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chris roberts antieau
Fabric appliqué artist Chris Roberts-Antieau pictured here at Antieau Gallery in New Orleans

Art Essay: Success Was Self-Taught By This Artist

By James C. Weaver
ART TIMES online January 2014

Chris Roberts-Antieau thinks art schools often destroy innate creativity and many student artists along with it. Being told she could not draw made her an instant art school dropout, but it did not change her mind about becoming an artist. “I knew I had artistic talent,” she recalls, “all I had to do was figure out how I could earn a living with it.” Now more than three decades later she is by every measure a great success.

Today, Chris has nine employees, her own gallery in the French Quarter of New Orleans, plus more than a dozen other galleries across the country who handle her work, and, of course, a website. She produces more than three-dozen new fabric paintings each year and a number of works from previous years are also available.

Ten Things To Be Thankful For
The artist often illustrates lists in her works like this piece titled “Ten Things To Be Thankful For.”

Working from her original “fabric paintings”, two talented staff members do the basic cutting and sewing. Then Chris does all the detail work on each one. It is labor intensive and time-consuming work, but the results are of significant quality and craftsmanship.

Chris is constantly shopping for fabric, and although she has several regular suppliers, she also searches the Internet and explores fabric shops whenever she is traveling. Fabrics are her color palate and essential component of her designs. Recently, Chris has also been offering workshops in fabric appliqué for persons who are interested in learning the her techniques.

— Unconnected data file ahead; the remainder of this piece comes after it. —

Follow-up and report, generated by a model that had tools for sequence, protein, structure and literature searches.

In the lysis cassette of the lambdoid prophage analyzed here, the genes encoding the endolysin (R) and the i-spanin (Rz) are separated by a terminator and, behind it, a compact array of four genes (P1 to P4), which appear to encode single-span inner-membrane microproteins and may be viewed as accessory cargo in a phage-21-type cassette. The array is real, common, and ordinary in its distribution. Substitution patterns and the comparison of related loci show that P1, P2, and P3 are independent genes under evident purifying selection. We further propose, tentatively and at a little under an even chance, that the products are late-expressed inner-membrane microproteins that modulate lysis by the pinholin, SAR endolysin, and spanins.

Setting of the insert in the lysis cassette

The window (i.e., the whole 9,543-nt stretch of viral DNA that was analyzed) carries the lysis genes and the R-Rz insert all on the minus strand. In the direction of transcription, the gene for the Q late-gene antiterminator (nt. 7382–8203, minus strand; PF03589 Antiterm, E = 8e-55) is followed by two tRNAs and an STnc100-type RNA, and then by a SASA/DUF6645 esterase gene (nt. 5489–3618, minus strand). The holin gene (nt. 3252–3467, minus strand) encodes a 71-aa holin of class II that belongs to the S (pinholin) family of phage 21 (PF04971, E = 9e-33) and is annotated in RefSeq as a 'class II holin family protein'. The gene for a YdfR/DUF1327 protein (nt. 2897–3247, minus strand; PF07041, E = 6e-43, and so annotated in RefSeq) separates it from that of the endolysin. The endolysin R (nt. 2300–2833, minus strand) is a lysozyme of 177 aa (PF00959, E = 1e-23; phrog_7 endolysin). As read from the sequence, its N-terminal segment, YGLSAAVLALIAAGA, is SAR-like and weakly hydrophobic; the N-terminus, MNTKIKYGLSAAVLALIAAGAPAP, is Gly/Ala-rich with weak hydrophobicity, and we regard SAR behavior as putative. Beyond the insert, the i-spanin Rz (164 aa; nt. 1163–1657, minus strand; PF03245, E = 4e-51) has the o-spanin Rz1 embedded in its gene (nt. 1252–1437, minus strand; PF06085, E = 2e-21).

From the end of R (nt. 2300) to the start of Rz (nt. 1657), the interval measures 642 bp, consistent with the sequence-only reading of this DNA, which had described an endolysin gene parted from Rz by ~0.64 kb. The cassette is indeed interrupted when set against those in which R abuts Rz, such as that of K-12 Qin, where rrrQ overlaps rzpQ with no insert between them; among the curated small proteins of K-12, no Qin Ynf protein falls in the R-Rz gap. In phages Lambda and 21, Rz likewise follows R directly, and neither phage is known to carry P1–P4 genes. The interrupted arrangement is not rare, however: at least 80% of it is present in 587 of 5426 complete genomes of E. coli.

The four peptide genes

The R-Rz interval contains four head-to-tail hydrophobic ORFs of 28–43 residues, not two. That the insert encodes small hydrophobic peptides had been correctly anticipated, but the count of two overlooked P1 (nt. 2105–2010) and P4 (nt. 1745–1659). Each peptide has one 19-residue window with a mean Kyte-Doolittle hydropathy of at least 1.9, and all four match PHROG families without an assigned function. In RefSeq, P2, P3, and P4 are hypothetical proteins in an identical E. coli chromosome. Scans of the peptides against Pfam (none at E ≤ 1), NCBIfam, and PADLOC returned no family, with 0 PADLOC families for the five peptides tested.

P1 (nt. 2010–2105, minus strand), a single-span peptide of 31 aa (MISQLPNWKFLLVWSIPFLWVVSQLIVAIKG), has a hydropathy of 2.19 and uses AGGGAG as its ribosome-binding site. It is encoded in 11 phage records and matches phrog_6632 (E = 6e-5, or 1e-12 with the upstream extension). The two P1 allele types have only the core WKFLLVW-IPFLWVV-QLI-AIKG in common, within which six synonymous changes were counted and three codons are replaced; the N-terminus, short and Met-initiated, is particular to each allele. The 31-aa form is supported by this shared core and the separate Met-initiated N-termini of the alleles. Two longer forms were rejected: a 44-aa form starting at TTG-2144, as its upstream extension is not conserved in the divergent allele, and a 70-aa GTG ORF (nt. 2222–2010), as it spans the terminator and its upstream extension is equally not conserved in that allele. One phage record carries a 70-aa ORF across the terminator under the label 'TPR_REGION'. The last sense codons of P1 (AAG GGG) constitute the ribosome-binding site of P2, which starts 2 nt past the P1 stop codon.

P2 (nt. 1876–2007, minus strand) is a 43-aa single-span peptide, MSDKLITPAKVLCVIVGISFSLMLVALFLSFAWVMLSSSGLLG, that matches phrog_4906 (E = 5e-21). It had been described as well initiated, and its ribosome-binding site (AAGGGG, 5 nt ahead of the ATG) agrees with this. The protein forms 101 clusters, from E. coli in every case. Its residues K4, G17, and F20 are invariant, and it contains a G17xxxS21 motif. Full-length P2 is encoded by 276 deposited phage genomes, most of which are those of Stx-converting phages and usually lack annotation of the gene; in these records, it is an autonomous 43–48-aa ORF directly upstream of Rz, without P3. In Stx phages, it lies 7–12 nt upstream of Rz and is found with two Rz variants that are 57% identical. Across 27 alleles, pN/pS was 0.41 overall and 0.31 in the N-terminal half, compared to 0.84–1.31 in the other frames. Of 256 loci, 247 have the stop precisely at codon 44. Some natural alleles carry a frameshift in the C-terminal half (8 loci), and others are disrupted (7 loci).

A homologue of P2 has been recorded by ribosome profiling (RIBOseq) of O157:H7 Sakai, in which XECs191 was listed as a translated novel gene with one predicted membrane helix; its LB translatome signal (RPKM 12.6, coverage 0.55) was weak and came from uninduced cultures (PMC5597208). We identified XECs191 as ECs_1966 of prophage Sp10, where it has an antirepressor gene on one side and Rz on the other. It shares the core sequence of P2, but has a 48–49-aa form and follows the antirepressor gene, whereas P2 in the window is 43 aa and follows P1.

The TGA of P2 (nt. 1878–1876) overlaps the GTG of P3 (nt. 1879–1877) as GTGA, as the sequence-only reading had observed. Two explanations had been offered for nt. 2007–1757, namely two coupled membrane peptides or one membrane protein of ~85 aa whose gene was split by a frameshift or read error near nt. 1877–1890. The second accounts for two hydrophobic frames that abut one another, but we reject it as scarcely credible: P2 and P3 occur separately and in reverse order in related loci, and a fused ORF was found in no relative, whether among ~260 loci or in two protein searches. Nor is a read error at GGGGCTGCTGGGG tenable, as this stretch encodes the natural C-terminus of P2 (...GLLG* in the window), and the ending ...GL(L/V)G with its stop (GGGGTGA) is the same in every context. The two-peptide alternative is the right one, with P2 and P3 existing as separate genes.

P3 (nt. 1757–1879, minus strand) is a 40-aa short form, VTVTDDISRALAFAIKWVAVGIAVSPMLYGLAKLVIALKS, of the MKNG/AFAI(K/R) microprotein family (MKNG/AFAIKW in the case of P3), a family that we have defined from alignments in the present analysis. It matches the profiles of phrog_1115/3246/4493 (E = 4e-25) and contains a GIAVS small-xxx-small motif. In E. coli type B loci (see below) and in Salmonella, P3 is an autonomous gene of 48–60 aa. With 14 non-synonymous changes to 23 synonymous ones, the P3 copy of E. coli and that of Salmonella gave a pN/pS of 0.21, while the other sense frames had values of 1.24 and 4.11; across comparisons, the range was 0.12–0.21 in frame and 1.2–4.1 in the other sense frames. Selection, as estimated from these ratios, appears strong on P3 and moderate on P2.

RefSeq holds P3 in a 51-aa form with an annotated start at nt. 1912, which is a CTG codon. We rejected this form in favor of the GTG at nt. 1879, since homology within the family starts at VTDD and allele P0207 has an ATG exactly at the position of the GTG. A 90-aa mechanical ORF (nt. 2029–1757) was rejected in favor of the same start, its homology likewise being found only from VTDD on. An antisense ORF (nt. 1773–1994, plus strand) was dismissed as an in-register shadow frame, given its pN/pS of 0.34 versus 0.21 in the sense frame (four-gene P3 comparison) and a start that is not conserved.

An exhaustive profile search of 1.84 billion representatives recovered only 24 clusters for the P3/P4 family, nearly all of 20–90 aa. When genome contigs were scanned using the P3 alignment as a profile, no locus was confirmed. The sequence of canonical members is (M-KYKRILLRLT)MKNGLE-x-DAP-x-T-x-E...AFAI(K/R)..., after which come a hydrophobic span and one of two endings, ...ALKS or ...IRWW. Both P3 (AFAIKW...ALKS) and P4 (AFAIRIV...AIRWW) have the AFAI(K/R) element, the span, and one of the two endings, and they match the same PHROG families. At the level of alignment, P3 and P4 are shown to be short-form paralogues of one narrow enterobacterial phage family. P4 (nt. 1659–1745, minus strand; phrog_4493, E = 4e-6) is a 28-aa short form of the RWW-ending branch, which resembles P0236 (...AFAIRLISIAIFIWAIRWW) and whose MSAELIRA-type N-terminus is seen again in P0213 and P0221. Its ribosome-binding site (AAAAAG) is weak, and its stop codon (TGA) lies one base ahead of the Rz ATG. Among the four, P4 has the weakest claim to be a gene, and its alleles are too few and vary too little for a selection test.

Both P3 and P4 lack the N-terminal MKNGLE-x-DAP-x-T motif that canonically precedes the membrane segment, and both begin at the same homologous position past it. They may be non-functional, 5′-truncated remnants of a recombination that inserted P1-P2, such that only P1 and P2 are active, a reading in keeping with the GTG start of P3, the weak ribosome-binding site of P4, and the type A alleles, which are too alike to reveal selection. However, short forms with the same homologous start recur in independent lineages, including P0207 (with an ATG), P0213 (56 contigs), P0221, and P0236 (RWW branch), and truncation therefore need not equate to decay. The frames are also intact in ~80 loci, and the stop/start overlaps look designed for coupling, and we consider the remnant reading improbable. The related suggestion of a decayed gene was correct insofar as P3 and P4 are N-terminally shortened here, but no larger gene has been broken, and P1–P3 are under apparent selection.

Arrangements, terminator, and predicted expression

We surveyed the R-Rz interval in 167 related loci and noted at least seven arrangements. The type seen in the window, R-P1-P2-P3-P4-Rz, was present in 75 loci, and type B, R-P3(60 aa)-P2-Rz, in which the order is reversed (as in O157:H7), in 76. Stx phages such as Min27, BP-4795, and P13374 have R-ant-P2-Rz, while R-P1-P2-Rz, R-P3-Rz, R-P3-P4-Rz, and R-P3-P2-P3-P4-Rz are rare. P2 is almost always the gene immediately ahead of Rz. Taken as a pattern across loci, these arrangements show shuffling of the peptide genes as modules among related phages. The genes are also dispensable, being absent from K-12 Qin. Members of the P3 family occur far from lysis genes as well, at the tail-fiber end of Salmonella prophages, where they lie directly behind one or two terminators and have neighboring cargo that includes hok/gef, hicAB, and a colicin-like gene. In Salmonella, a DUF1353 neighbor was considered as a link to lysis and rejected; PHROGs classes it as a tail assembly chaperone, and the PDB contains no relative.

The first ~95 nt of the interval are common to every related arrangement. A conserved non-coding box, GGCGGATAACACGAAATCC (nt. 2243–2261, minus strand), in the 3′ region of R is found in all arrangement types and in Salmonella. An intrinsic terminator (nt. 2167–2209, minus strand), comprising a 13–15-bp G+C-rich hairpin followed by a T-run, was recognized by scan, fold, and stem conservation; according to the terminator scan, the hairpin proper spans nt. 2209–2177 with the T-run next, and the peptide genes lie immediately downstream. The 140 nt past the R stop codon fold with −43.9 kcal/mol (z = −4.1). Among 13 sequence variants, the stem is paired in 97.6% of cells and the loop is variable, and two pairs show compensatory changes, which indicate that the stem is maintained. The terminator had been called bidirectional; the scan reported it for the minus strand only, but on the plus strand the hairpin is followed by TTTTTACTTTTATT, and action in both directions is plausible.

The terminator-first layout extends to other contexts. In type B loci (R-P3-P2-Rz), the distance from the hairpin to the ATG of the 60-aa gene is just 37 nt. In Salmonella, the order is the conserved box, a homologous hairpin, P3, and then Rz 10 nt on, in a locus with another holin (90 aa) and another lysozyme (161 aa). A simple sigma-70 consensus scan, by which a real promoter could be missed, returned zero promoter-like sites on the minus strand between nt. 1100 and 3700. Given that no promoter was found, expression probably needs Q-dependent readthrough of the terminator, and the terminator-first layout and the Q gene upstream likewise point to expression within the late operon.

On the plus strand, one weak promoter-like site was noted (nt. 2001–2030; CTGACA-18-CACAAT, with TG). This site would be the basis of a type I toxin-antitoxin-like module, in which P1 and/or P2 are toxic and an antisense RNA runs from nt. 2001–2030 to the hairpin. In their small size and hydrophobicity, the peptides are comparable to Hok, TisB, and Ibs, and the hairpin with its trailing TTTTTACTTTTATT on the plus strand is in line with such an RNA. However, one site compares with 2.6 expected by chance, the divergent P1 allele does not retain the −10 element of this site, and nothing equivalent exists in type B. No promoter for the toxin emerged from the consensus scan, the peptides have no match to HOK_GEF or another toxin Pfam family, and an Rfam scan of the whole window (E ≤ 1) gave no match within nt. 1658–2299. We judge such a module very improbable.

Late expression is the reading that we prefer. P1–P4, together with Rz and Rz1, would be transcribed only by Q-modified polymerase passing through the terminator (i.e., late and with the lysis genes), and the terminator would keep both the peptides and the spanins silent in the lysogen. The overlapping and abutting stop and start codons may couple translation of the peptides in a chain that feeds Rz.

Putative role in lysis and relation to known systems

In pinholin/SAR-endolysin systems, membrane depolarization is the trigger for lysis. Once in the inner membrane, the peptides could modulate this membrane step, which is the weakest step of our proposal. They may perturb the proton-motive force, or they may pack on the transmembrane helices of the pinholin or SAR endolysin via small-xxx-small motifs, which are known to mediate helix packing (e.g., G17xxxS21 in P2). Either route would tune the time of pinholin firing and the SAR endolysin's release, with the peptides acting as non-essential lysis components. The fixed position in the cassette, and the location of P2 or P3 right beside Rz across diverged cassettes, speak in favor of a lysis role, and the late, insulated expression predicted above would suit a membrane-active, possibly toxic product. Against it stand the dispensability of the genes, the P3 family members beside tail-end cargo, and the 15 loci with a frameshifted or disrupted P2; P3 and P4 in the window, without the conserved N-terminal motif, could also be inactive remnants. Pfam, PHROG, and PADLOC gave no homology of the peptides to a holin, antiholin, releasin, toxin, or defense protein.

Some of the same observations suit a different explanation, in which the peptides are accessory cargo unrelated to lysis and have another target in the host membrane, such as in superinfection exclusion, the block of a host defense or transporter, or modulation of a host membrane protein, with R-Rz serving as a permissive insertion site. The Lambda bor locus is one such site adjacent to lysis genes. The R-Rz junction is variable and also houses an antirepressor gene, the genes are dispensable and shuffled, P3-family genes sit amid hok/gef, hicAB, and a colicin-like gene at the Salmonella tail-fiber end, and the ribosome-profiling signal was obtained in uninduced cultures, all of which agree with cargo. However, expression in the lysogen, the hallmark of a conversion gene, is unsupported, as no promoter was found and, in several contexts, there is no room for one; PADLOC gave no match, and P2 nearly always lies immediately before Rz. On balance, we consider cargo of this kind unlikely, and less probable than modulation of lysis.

While she is acquiring new buyers on a regular basis through her galleries and the annual Ann Arbor Crafts Festival, she also maintains a mailing list of over 7,500 names (many former customers) who are some of her best supporters. She has also exhibited at both the Philadelphia Museum of Art Craft Show and at the Smithsonian Craft Show in Washington, DC. Chris has also shown her work several times the Basel Show in Miami.

A large work of a blues singer titled “The Blues Saved My Life” illustrates the artist’s enjoyment of this musical genre.
A large work of a blues singer titled “The Blues Saved My Life” illustrates the artist’s enjoyment of this musical genre.

She has had four separate exhibits of her fabric paintings at the American Visionary Art Museum in Baltimore and several of her works are part of its permanent collection. This unique museum is devoted to self-taught artists. Chris also has fabric paintings in the collection of the Indianapolis Museum of Art.

With the help of her son, a marketing specialist, Chris has been staging a series of “pop up” gallery shows in various cities around the country. “We find an empty store front in a heavy traffic commercial area and rent it for a month,” she explains. “Then we convert it to a temporary art gallery and promote it like crazy.” She has held successful pop up galleries in New Orleans, Portland, Ann Arbor, and in Manhattan's Soho District. She plans to open one in London, England in 2014. The New Orleans gallery was so successful in 2010 that it has became a permanent gallery. It’s her goal to own five permanent galleries.

(James C. Weaver lives in Cornwall, PA.)

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